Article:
Making changes to your daily activities and lifestyle choices can help with controlling your urine leakage symptoms. Keeping a bladder diary and tracking what you eat and drink can help recognize foods that may be irritating your bladder. Thinks like coffee, alcohol, spicy foods, citrus fruits, etc. are known bladder irritants and making dietary changes may be beneficial if you are able to identify a relationship between your urinary incontinence episodes and your intake.2 It may also be helpful to manage your fluid intake as recommended by your doctor.
Pelvic Floor Exercises/Biofeedback
Your doctor may encourage you to perform regular pelvic floor/Kegel exercises to help control urine leakage. These exercises isolate and strengthen the pelvic floor muscles and can help men regain their bladder control following prostate surgery.3 It is important to do the exercises correctly and regularly. It may help to work with a nurse or physiotherapist on the exercises to ensure you are doing them properly and often enough.
Sometimes, it is difficult to tell which muscles we should be using to help control our bladder. Many patients commonly use their abdominal muscles instead of the pelvic floor muscles. Biofeedback helps patients identify which muscles are being used ensuring that you are engaging the right pelvic muscles to strengthen them and gain better control.4
Incontinence pads are commonly used to help absorb urine leakage, protect the skin and block odour. Other absorbent products include nappies and undergarments. These products can offer odour control; some are disposed after a single use, and others may be cleaned and reused.
- Appropriate for every activity
- Comfortable when dry
- Good for overnight use
- Easy to use
Risks and Side Effects:5
External Collection Devices
A condom catheter, or penis pouch, is a pouch is urine collection device that looks like a condom with a hole in the end of it so urine can flow into a drainage bag. The condom catheter is placed on the penis and connected to a urine collection bag that is strapped to the body underneath clothing during the day and may rest bedside at night. Condom catheters should be changed daily to maintain good hygiene.6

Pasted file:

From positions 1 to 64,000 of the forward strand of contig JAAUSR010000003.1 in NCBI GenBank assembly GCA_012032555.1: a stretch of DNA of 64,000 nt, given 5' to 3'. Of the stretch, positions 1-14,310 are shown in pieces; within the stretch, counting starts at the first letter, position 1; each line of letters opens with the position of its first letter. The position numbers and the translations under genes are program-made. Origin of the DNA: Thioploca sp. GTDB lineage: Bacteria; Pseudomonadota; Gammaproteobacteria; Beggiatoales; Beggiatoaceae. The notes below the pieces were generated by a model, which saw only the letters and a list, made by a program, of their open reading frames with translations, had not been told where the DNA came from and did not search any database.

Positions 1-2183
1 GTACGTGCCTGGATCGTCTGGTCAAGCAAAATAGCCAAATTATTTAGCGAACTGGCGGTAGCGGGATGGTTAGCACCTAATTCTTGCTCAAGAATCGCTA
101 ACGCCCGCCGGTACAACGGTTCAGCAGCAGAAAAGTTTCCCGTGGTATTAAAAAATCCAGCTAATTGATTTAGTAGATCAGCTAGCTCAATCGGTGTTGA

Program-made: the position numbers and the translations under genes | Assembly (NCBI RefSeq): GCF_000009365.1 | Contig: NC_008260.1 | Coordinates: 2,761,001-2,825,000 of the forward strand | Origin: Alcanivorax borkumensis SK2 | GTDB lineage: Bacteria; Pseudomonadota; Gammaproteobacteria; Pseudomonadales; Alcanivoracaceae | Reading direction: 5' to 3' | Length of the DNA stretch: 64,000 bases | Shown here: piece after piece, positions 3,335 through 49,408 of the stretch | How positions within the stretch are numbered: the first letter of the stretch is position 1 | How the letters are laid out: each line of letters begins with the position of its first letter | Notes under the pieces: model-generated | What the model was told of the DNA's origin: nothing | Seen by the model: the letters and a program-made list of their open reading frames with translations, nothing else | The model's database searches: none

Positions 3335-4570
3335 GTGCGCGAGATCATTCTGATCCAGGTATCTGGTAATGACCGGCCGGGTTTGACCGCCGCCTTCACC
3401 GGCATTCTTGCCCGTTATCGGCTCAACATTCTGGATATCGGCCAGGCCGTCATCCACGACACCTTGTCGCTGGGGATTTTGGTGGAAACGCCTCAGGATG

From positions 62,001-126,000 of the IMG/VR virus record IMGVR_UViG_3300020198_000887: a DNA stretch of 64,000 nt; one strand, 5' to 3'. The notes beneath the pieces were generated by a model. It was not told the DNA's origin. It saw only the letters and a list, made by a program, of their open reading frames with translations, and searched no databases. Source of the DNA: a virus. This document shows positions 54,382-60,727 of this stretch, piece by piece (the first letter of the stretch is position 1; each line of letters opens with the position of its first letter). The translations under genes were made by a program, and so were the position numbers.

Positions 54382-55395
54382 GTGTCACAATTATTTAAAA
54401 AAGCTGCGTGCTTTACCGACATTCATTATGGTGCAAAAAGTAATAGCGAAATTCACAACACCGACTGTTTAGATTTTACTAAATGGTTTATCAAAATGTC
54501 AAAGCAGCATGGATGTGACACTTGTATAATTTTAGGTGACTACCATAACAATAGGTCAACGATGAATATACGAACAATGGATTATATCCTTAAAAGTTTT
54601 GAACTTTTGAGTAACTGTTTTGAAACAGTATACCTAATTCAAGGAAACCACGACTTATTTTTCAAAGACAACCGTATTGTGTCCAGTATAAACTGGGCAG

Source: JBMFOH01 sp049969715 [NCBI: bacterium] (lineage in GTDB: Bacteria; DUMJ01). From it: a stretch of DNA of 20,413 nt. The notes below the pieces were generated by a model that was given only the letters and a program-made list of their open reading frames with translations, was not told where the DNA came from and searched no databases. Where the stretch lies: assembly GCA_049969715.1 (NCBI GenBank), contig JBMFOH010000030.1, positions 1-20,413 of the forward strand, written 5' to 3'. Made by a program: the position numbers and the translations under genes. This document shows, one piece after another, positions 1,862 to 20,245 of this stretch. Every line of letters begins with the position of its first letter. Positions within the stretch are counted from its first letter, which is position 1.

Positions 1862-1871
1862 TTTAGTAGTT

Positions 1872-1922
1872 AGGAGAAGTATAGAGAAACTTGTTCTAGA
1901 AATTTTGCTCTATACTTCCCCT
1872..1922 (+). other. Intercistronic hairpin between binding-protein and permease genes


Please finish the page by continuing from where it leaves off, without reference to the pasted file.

- Discreet option for long periods of time
- Keeps skin dry
- May help avoid odour
- Convenient for storage and travel
Risks and Side Effects:5
- May not remain in place, resulting in leaks
- Possible reactions to device materials
- Skin injuries and/or inflammation
A penile clamp is designed to help men who have light to moderate urinary leakage.6 It uses a hinged, rigid frame that supports two pads and a locking mechanism; or may wrap around the penis to keep the urethra closed. It controls leakage by applying constant pressure upon the penis to stop the flow of urine.
- Secure way to stop leaking
- Easy to apply and remove
- Can be washed and reused
Risks and Side Effects:5
- Can only be worn for short periods of time
- Requires repositioning if being used over two hours
- Must be removed while sleeping
- Chung, E., Katz, D. J., & Love, C. (2017). Adult male stress and urge urinary incontinence – A review of pathophysiology and treatment strategies for voiding dysfunction in men. Australian Family Physician, 46(9), 661–666.
- National Association for Continence. (n.d.). Retrieved December 13, 2019, from https://www.nafc.org/diet-and-exercise
- Pedriali FR, Gomes CS, Soares L, et al. Is pilates as effective as conventional pelvic floor muscle exercises in the conservative treatment of post-prostatectomy urinary incontinence? A randomised controlled trial. Neurourol Urodyn. 2016 Jun;35(5):615-21
- National Association for Continence. (n.d.). Retrieved December 13, 2019, from https://www.nafc.org/biofeedback
- Macaulay M, Broadbridge J, Gage H, et al. A trial of devices for urinary incontinence after treatment for prostate cancer. BJU Int. 2015 Sep;116(3):432-42.
- National Association for Continence. (n.d.). Retrieved December 13, 2019, from https://www.nafc.org/male-products.
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Disclaimer: Individual symptoms, situations, circumstances and results may vary. This information is not intended to be used for medical diagnosis or treatment or as a substitute for professional medical advice. Please consult your doctor or qualified healthcare provider regarding your condition and appropriate medical treatment.
These Videos are meant for informational purposes only and may not be indicative of clinical outcome. The opinions, procedures and patient care policies expressed or depicted in the videos are those of the physician or practice nurse and do not necessarily reflect the opinions, policies or recommendations of Boston Scientific Corporation or any of its employees.
CAUTION : Indications, contraindications, warnings and instructions for use can be found in the product labelling supplied with each device.